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How to Trust God When You're Stuck in the Waiting Place

  • Carrie Dedrick What topic related to Christianity, faith, and the Bible is trending online and in social media today?
  • 2017 Feb 10

“Waiting is hard,” I recently lamented to my small group. “I know God’s timing is perfect, but I’ve been waiting for years now. My patience is wearing thin.” 

It doesn’t matter what you’re waiting for. I have loved ones who are waiting for a myriad of things: jobs, children, healing, to be brought out of poverty… it’s all hard. 

Darla Wilkinson writes for True Woman that she experienced waiting too… for a husband. Wilkinson, who did not marry until she was 33, says she was far from a model of grace and patience in those years. Her years of singleness led to angst and distrust in God. 

How many of us can relate to these painfully honest words? 

“I felt God didn't notice me, hear me, or love me because He wasn't giving me my greatest desire.”

When God doesn’t give us the good things that we want, we start to believe that he is no longer loving. After all, shouldn’t God want us to have the things that make us happy? We know that it is not wrong to ask God for a better paying job to support our family. So why isn’t He listening? 

Wilkinson asked these questions when she struggled with loneliness. It wasn’t until years later that she discovered the truth: 

“...waiting had everything to do with my heavenly Father's love for me.”

As humans, we can’t understand how this could be. And yet it is true. We have to wait because He loves us. 

Romans 11:33 says, “Oh, the depth of the riches and wisdom and knowledge of God! How unsearchable are his judgments and how inscrutable his ways!” 

What does that mean? Wilkinson interprets that verse saying:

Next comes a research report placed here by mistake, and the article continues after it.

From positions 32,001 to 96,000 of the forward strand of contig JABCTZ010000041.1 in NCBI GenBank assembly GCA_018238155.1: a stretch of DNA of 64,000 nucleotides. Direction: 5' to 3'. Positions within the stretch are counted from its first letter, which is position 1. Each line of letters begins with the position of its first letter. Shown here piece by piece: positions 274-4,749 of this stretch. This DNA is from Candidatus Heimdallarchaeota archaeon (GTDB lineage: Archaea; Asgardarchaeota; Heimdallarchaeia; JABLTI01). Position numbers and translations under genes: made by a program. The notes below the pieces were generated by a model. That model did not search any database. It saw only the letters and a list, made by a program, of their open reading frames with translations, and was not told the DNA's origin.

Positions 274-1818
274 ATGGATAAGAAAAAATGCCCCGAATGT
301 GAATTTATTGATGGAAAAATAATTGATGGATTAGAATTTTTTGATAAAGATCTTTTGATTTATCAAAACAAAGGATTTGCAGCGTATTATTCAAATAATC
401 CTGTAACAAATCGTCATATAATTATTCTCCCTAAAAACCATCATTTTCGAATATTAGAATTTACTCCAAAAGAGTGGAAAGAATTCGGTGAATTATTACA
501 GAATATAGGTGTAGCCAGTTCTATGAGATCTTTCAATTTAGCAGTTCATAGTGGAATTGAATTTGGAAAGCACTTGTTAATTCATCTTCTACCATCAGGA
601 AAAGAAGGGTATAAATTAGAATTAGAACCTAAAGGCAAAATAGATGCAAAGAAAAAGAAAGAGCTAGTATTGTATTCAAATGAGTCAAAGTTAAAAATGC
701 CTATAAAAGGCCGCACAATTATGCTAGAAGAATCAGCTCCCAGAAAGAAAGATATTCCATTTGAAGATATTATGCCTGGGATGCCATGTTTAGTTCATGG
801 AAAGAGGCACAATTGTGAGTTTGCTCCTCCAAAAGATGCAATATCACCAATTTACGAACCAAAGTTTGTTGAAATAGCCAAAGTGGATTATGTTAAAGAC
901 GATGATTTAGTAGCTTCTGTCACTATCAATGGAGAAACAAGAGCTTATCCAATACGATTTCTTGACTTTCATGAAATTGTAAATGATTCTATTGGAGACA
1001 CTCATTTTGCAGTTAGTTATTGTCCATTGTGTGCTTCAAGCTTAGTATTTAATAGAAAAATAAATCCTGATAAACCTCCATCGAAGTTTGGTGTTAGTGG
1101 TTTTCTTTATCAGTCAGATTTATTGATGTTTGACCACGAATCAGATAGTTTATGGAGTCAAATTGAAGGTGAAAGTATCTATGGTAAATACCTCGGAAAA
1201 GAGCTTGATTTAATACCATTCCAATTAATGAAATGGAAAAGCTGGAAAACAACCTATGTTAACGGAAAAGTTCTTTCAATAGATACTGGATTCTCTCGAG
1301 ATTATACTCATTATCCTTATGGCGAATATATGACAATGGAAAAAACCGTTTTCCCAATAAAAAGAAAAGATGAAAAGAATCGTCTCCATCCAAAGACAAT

“He is so great and we are so small that we are literally incapable of understanding all He is working out in our lives. Yet even when we’re confused, He’s still worthy of our full trust.” 

Do you know what is better than a spouse, a child, even the healing of your illness? The Lord’s infinite worth. 

“God Himself is better than the richest of earthly gifts.”

As you are waiting for that deep desire of your heart, you may be losing sight of the One whose love is truly priceless. 

Wilkinson writes that she learned God was more gracious, faithful, enduring, and powerful than anyone she would marry. As she sought after God, he granted her peace and contentment. Through His Almighty power, she learned that good things of the earth will always pale in comparison to Him. 

No matter what you’re waiting for, you can ask yourself these questions from Wilkinson. They will help you evaluate the state of your heart in the waiting time. 

  1. Do I believe what the Bible says about God’s faithfulness and love to His children even when life feels wrong?
  2. Do I find Jesus to be infinitely valuable above any other gift in this life?
  3. Do I measure God’s love for me based on what He is presently doing for me or based on His sacrifice on the cross? writer Cindi McMenamin says that God has many reasons when you ask, “Why?” and they are all for our ultimate good. It is up to us too trust His reasons and rely on His constant goodness. We can begin by saying this prayer McMenamin wrote together: 

“Lord, thank You that in spite of your “no” or “wait” or even Your silence, You know what is very best for me and You promise to work for my eternal good, not just my temporary satisfaction. Thank You that in all all situations, in all pain and pressure and circumstances beyond my control, You are making me more like Christ, as I give up my will and surrender to Yours. 

“Scripture says without faith it is impossible to please You so I choose to believe that You have it all under control. Thank You for being a good, loving, all-knowing and ever-present God who will not let anything touch me that hasn’t first passed through Your loving hands. In the name of Jesus, Amen.”


Carrie Dedrick is an editor of When she is not writing or editing, she can usually be found teaching dance classes, running marathons, or reading with at least one adopted dog on her lap. 

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Publication date: February 10, 2017